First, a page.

Michele Norris unable to visit Elon for MLK keynote address on Jan. 10
The former NPR correspondent had been slated to deliver a lecture about The Race Card Project, an initiative she launched in 2010 to spark conversation about race in America.
Due to a scheduling conflict, former National Public Radio correspondent Michele Norris will not visit Elon Jan. 10 as planned for her Martin Luther King Jr. Keynote Address about America's conversation on race.
Norris has received a special invitation to attend President Barack Obama's farewell address that same day in Chicago's McCormick Place as he winds down his term in office. Norris's husband, Broderick Johnson, was a senior adviser during Obama's 2012 presidential campaign and since 2014 has been an assistant to the president and White House cabinet secretary.
Norris, former host of NPR's “All Things Considered,” was scheduled to speak at Elon about the experiences and insights she has gained working on The Race Card Project, an initiative she launched in 2010 while a correspondent with NPR to help spur candid conversations about attitudes and beliefs toward race in America. The project focuses around asking people to use six words to summarize their thoughts and experiences about race, with the words offered on postcards, in emails or tweets.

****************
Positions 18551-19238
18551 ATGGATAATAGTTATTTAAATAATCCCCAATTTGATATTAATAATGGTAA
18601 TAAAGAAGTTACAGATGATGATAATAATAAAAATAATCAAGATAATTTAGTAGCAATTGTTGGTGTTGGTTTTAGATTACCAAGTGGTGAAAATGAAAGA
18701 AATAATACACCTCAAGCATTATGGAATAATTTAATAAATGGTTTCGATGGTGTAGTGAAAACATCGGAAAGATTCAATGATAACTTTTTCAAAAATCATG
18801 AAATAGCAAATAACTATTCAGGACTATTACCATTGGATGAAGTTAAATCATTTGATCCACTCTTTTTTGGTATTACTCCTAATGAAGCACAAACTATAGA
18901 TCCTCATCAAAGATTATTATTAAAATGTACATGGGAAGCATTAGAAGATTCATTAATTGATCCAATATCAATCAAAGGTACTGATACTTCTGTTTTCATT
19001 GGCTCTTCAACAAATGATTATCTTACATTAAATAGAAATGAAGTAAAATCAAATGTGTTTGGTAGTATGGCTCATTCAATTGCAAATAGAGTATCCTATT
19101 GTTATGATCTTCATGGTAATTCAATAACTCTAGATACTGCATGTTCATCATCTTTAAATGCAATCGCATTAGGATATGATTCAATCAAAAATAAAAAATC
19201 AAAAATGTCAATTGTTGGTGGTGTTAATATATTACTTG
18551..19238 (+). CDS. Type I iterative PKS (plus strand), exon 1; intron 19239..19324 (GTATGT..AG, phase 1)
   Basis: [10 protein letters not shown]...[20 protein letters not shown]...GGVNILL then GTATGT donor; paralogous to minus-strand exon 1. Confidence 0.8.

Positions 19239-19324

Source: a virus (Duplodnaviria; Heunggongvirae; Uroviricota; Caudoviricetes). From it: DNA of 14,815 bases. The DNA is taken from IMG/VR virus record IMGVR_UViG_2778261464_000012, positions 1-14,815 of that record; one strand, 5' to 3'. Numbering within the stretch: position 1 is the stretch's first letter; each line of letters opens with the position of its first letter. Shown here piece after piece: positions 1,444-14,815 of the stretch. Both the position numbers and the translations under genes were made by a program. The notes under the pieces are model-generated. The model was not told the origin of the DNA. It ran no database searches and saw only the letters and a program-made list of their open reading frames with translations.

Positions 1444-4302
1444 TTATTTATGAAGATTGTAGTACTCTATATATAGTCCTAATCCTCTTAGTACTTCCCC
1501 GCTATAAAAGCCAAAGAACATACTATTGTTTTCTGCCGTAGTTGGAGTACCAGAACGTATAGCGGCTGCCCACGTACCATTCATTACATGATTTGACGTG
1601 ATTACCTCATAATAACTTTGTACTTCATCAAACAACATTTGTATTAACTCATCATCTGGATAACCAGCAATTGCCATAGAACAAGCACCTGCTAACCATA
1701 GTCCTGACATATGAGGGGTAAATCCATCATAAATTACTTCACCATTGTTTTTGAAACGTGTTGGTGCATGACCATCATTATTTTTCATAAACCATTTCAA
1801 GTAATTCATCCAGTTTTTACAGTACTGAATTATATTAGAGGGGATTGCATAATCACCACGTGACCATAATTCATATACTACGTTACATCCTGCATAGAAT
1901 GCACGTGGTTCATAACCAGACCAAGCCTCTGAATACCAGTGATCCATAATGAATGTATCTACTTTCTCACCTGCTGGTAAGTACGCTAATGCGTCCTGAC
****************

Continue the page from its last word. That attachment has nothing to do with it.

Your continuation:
To coincide with Norris's planned visit, Elon has undertaken its own Race Card Project, with students submitting their own six-word stories about race throughout the fall semester. Those stories have been collected and will be displayed as an art installation in the Isabella Cannon Room in the Center for the Arts through mid-February.
A scheduled reception focusing on the Elon Race Card Project installation will still be held from 4:30 to 6 p.m. on Jan. 10, and will offer attendees the opportunity to create their own stories to be included in the installation. Norris's visit to Elon will not be rescheduled.